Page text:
September 8, 2014
Attorneys for several hundred students who sued after accreditation issues led to the collapse of a private college in West Virginia have reached a multi-million settlement, worth at most roughly $35 million. The proposed settlement, submitted Friday evening to a state court, could conclude a messy, multi-party struggle over the ashes of Mountain State University, which closed in 2012.
The settlement would resolve about 400 lawsuits by students against Mountain State and its former officials. Far more — over 18,000 students — could be eligible for a portion of the settlement funds. One estimate suggests claims against what’s left of Mountain State could be worth $72 million, but all of its remaining assets together are worth perhaps only half that, according to court filings.
The litigation involved not just students and Mountain State but also the University of Charleston, a private college in the state capital that had taken over Mountain State’s buildings and students, and United Educators, which was Mountain State's insurance company. The settlement funds will come from an $8.5 million settlement with United Educators; Department of Education funds "potentially forthcoming" to Mountain State; money leftover in certain Mountain State accounts; and from the sale of Mountain State properties.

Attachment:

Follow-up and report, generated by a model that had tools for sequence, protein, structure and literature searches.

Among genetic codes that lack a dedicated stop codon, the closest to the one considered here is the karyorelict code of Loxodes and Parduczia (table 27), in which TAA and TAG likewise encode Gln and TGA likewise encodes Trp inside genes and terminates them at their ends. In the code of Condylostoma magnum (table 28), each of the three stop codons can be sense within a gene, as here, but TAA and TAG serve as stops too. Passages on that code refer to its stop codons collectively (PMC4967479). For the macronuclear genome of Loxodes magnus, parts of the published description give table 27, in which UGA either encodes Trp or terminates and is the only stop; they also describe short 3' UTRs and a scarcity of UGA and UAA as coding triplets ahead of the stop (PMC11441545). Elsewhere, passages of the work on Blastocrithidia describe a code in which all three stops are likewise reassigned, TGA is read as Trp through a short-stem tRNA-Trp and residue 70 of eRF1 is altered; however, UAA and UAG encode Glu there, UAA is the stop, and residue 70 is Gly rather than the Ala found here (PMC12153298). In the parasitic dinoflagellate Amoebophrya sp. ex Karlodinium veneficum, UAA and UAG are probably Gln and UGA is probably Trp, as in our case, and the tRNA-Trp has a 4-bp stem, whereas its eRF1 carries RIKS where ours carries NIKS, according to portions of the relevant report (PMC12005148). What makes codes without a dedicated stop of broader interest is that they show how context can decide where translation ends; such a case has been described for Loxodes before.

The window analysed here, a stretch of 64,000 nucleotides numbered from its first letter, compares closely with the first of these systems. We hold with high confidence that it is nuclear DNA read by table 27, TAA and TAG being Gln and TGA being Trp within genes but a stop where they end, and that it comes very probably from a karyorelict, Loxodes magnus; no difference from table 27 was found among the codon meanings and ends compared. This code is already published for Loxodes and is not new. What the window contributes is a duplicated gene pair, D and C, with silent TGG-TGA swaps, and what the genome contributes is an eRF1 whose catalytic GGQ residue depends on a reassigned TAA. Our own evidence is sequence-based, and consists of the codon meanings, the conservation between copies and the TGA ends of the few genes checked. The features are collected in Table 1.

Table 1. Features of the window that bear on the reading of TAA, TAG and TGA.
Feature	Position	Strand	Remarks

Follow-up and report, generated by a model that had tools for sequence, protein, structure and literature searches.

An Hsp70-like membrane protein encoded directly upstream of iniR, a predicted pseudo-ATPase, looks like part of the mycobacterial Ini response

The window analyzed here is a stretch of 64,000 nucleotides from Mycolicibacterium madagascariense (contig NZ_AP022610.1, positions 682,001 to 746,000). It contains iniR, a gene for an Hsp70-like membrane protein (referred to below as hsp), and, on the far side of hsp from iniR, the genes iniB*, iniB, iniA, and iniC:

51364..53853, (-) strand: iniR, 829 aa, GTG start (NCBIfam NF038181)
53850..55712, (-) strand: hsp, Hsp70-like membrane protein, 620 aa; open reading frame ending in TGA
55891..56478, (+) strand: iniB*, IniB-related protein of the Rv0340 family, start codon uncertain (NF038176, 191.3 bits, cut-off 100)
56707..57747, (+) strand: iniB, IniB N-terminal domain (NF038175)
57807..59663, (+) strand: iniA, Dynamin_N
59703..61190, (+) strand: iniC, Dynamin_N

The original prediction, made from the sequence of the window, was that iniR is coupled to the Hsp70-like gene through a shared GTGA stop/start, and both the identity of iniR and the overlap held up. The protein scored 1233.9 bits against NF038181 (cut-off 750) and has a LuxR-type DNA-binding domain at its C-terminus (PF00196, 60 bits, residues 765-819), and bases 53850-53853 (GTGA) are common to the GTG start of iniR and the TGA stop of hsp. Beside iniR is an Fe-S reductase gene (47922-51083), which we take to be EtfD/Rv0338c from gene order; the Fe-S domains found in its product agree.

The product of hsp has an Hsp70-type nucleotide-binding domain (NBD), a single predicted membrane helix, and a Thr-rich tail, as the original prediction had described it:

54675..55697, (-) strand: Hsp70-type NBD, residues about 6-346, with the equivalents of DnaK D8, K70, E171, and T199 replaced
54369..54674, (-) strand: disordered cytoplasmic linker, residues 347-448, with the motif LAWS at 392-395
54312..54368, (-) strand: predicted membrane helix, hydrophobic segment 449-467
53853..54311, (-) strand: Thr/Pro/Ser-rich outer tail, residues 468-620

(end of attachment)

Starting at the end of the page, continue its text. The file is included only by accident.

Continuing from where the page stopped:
Those sales will have implications for the University of Charleston, which had sought to expand in the shadow left by Mountain State. But now, instead of long-term leases for its buildings, the university will have to give up both former Mountain State sites in summer 2015 so they can be sold. In Martinsburg, the University of Charleston plans to move its classes to a National Guard facility, its president said during a press conference last month announcing a settlement had been reached but before last week's court filings made all the details of the settlement public. In Beckley, the University of Charleston plans to continue offering classes but has not yet named a site.
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